When Ahern died he was on the National Board of the American Guild of Variety Artists, and honorary president and past headliner of the Hollywood Comedy Club. Gladys heads the Musettes, devoted to the welfare of veteran performers. They performed as a team at innumerable benefits until his hospitalization just before his death.

The Aherns made their name in vaudeville. Will said they started as "a good No. 2 act," fast and funny, a beautiful girl and a clever man, with songs and dancing, jokes and trick roping, the perfect act to get the bill off to a lively start after the audience had settled in during the opening acrobats. July 10, 1928, the New York Herald headlined, "Aherns and Ted Lewis Top Bill at Palace. Perfect Vaudeville Program in Two Numbers."

The Aherns' act made no literal sense! Will appeared in a comedy cowboy outfit, did rope tricks and told jokes. Gladys spoke with a Mexican accent, did a toe dance inside a spinning rope to the tune of "Alice Blue Gown." They sang Western ballads and danced the Charleston and the Black Bottom. Will used a derby hat with a swivel to spin a rope on his head, and his big finish was a spectacular acrobatic Russian dance. It was simply 12 minutes of pure entertainment, compiled from what they could do best and what pleased an audience most. Their genius was in making these diverse numbers come together into a cohesive act.

Will was born in Waterbury, Conn., Oct. 9, 1896. In 1909, the Buffalo Bill Show, with Annie Oakley, played Waterbury. Will, age 13, was down at the freight yard at 4 a.m., brought water for the horses and helped the canvas men rig the tent. Will told the boss canvas man that he was 16, and when he was offered $18 a month, he left town with the show. The third night he discovered that a couple of the roustabouts had their eye on him, then their hands. He found a place to hide behind some bales of hay on a flat car. "The next morning I was passing Annie Oakley's tent. 'Hey, kid, come here,' she said. Here's $2. Get the hell out of here and don't ever come back.'"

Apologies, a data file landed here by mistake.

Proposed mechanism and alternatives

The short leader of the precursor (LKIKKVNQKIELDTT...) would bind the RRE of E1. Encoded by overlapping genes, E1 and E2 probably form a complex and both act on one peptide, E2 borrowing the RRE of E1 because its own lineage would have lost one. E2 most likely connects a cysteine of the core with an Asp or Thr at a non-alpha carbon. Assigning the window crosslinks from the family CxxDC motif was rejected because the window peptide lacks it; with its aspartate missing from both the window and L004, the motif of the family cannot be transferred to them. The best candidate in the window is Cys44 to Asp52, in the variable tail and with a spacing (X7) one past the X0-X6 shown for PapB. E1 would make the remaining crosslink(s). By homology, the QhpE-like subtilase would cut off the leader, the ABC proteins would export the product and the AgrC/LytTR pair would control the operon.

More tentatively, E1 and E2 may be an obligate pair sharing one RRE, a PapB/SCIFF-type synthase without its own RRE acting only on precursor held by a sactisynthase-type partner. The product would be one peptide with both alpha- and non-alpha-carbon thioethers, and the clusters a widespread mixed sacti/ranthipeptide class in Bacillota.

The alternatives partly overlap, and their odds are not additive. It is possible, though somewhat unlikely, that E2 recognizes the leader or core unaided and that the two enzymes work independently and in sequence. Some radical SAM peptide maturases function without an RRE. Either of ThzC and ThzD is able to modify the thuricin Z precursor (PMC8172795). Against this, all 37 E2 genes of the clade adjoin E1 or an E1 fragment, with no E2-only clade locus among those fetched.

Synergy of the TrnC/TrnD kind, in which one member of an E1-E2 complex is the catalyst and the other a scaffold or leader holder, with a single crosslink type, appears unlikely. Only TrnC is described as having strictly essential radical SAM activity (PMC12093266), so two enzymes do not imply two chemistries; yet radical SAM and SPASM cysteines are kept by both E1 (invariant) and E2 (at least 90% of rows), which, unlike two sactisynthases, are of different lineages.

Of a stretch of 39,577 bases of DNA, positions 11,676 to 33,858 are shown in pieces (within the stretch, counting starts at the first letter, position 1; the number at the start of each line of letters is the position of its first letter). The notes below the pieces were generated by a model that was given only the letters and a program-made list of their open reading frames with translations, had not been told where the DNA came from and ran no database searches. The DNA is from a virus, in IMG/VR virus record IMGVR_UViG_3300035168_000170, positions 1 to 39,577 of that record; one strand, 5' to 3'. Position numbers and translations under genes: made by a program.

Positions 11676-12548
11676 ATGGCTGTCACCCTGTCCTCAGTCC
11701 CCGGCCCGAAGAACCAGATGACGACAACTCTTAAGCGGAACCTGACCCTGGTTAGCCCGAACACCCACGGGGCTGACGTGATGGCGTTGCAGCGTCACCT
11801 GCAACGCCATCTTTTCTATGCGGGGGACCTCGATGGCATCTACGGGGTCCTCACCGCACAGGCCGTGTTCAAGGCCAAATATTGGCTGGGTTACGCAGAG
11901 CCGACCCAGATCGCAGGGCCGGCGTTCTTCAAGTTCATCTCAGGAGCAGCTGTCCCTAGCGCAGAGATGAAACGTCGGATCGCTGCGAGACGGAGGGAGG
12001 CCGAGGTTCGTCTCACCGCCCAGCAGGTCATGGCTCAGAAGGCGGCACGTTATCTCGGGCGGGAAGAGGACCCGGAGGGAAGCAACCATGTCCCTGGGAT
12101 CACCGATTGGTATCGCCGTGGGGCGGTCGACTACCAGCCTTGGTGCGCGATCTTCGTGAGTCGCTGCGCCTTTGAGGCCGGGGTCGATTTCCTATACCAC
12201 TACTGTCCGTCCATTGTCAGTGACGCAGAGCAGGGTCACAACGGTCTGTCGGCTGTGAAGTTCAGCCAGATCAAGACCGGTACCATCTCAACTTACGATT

The war took Will into the Navy in 1917, and he was assigned to Pelham Bay Training Station near New Rochelle. He managed to avoid most of the KP duty by volunteering as an entertainer. "Toward the end of 1918, we were hauling cannon around Pelham Bay in some kind of a drill. I got an infected heel and spent two weeks in the hospital. When I got out, my company had been shipped to Murmansk in Siberia. Then came the call for entertainment aboard the George Washington, and we were off on the George Washington, to Paris to work in a show with Elsie Janis and appear at the Palace of Versailles!" Out of the Navy, after 40 weeks with the Bluebirds Burlesque Company, Will was seen by a booker for the Keith-Albee circuit and started working as a single in vaudeville. Playing four shows a day at the, Rialto in Chicago, he grabbed a chance to make some extra money doing a midnight show at Ike Bloom's on 22nd Street. In the chorus line of Ike Bloom's "Midnight Frolics" was a very pretty girl named Gladys Reese. You can get a good Idea of the place and the people from Phil Dunning's 1926 hit play "Broadway." Dunning told the Aherns that they were the models for his leading characters, the cocky hoofer and the innocent show girl. Will and Gladys weren't exactly those people—Will not quite so brash, and Gladys not quite so naive—and no gangster was ever shot backstage at Ike Bloom's; maybe at Colisimo's, the joint around the comer, but not at Ike Bloom's.